Phil Knight is the founder, former CEO and now Executive Chairman of Nike. In Shoe Dog: A Memoir by the Creator of Nike he tells his story of taking the business from humble origins, through an IPO in 1980 and onto its current $30 billion market capitalisation.
Nike is still widely regarded to be one of the most innovative companies in the world. Phil Knight started and grew the business out of the back of a van in the early 1970s. A Stanford graduate, avid reader of the Classics and books about military strategy, and a natural introvert, he captures a wonderful story about what he calls his Crazy Idea and the determination and grit it takes to become successful beyond what he’d ever imagined. In Shoe Dog, he also includes some wonderful accounts of the hustle and sometimes downright dirty tactics that it can take to overcome the odds: “you are remembered for the rules you break” is his mantra throughout the book. I’ve captured the best of the rest of his business and leadership wisdom in the quotes from the book below.
Yuval Harari’s book Sapiens: A Brief History of Humankind charts our origins from hunter gatherers 2.5 million years ago on to the rise of Homo Sapiens 200,000 years ago. He takes the reader through the Cognitive Revolution 70,000 years ago, the Agrarian Revolution 10,000 years ago, into the Scientific Revolution in the 1500s, the Industrial Revolution in the late 1700s and on to the present. Harari covers a lot of ground that includes a deep dive into capitalism: “an economic-led system based on private ownership of the means of production and their operation for profit”. He explores how something that began as a theory about how the early economy of the modern age functioned, has grown into much more than an economic doctrine.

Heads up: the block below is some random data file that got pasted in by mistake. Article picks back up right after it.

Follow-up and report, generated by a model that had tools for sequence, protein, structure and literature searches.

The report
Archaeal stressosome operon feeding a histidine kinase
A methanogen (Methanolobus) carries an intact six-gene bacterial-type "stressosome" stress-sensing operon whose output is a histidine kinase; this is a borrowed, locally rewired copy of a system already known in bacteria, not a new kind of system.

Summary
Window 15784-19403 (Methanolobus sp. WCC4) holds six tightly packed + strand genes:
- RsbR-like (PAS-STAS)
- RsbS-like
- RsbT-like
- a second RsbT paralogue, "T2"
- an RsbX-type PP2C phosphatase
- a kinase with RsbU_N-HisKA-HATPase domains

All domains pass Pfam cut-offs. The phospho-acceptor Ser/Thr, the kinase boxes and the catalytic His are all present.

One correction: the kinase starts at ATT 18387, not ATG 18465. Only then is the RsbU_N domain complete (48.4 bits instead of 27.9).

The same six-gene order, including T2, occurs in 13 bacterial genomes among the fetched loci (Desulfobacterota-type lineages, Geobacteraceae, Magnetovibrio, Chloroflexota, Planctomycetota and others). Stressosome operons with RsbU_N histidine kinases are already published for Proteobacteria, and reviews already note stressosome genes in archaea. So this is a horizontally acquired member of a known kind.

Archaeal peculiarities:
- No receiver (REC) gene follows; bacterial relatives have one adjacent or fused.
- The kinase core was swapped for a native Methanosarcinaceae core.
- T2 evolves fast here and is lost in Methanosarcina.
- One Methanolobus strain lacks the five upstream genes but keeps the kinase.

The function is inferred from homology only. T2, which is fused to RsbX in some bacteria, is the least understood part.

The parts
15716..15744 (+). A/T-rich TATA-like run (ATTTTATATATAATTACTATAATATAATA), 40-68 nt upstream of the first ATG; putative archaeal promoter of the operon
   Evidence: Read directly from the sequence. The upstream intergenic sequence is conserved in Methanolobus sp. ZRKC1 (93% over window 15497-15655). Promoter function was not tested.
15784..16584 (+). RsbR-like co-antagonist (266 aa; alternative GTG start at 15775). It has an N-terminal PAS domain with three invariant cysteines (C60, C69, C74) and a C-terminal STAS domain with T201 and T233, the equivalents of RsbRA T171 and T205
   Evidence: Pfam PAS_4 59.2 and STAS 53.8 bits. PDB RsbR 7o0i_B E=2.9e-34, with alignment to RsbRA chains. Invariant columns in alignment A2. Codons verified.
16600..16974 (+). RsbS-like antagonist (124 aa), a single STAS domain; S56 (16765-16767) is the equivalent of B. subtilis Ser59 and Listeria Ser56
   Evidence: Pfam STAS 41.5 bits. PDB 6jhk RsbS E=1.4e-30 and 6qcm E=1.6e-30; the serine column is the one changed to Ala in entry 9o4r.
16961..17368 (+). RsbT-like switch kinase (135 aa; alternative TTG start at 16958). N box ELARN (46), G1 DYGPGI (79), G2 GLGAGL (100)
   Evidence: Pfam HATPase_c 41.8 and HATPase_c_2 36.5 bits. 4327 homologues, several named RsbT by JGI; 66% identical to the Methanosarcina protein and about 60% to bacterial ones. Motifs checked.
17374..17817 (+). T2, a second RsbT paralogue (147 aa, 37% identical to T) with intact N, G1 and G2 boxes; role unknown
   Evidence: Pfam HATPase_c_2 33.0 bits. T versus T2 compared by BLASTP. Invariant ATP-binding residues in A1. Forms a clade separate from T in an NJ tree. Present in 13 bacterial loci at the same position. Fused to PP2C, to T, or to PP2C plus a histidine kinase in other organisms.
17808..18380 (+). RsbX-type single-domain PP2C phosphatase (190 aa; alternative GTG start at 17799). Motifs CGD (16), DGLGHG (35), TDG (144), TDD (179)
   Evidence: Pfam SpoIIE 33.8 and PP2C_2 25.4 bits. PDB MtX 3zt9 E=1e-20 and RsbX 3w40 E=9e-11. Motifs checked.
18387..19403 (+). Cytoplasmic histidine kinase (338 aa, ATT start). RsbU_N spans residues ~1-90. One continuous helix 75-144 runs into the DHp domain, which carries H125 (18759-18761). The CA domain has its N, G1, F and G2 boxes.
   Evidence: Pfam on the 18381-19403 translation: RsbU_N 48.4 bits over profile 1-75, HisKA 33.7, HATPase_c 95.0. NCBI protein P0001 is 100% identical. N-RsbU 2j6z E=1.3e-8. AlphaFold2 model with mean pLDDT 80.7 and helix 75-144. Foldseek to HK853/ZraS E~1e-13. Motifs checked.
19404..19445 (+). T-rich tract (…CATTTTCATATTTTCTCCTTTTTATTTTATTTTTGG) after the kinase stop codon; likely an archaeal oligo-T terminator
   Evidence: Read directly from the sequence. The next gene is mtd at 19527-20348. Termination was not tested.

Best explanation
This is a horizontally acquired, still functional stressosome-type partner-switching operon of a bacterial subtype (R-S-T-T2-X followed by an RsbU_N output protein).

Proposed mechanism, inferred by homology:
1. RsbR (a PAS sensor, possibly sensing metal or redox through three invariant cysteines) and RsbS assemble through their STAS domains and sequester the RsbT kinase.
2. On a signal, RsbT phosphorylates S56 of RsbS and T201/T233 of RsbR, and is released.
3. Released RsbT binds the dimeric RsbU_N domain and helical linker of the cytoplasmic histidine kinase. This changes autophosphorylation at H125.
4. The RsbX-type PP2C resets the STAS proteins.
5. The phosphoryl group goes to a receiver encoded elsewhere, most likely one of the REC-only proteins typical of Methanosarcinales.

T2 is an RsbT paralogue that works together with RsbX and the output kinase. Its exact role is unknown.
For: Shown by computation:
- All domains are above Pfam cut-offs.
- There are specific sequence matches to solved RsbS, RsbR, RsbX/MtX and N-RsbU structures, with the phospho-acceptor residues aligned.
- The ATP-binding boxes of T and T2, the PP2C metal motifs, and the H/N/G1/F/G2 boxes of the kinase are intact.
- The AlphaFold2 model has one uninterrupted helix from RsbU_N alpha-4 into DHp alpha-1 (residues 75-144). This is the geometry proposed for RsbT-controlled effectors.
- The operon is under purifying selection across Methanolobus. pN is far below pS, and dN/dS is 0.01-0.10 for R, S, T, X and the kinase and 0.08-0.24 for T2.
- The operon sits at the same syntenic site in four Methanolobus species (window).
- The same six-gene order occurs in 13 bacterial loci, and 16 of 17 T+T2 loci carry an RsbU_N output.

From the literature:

On 13th February 2015 I was diagnosed with Stage 3 colorectal cancer. At the beginning of August this year my treatment was complete. After nearly two years of grappling with a life-threatening illness, whilst at the same time hanging on to the bones of a business that I had set up just eighteen months before diagnosis, it is time to embrace the new normal. This is my story about cancer and entrepreneurshit. Continue reading →